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Cortex. 2009 Oct;45(9):1043-9. doi: 10.1016/j.cortex.2008.10.012. Epub 2008 Dec 6.

Combining TMS and fMRI: from 'virtual lesions' to functional-network accounts of cognition.

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UCL Institute of Cognitive Neuroscience, London, UK.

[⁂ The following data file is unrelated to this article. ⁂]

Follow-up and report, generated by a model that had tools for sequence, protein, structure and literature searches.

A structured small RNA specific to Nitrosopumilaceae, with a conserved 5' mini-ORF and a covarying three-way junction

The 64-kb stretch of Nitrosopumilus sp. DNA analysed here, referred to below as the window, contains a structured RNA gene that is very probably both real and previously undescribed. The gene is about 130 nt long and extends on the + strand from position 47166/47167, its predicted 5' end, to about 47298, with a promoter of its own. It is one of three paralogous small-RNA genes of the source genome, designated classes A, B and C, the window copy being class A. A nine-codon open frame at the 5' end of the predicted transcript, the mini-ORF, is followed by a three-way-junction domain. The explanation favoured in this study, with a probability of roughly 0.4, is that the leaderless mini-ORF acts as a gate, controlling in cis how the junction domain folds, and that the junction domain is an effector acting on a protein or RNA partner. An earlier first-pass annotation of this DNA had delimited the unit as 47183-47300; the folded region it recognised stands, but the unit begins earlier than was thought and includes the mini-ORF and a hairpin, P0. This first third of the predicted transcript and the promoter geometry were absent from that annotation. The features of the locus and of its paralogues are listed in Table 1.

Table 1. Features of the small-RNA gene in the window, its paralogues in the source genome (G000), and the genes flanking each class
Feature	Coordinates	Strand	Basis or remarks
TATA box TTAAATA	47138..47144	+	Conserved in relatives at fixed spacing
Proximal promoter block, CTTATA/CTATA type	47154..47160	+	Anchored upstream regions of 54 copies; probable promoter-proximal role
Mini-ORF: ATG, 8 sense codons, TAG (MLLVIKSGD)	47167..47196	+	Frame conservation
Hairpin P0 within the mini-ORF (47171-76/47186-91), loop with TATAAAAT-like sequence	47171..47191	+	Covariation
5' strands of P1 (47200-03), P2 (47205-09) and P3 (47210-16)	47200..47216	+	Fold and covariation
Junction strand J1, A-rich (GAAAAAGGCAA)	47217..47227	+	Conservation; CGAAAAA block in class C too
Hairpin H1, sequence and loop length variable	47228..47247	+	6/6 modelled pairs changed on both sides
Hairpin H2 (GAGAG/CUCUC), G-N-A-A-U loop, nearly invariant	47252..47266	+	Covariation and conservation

Transcranial magnetic stimulation (TMS) is increasingly used in Cognitive Neuroscience to study functional contributions of a stimulated brain region to cognitive and perceptual processing. TMS-related behavioural effects are often interpreted as reflecting selective disruption of processing primarily within the stimulated region itself. This approach is now being extended by studies that combine TMS with concurrent neuroimaging measures, such as functional magnetic resonance imaging (fMRI). We discuss some recent combined TMS-fMRI studies and their implications for TMS investigations of cognition and perception. An emerging theme is that TMS does not affect only the stimulated region, but can also influence remote brain areas interconnected with the stimulation site. Such 'network' effects of TMS can be anatomically specific, but also context-dependent, changing with the current functional state of the targeted network rather than simply reflecting just fixed, context-invariant anatomical connectivity. Perceptual and behavioural effects of TMS may correspondingly involve TMS influences on remote interconnected brain regions, not solely on the stimulated region itself. Thus, TMS can now be used to study the consequences of functional interactions between the stimulated region and other parts of the network. This may lead beyond strictly modular views of brain function, that emphasize functional properties of single brain areas, towards new perspectives on how functional interactions between remote but interconnected brain regions may support perception and cognition.

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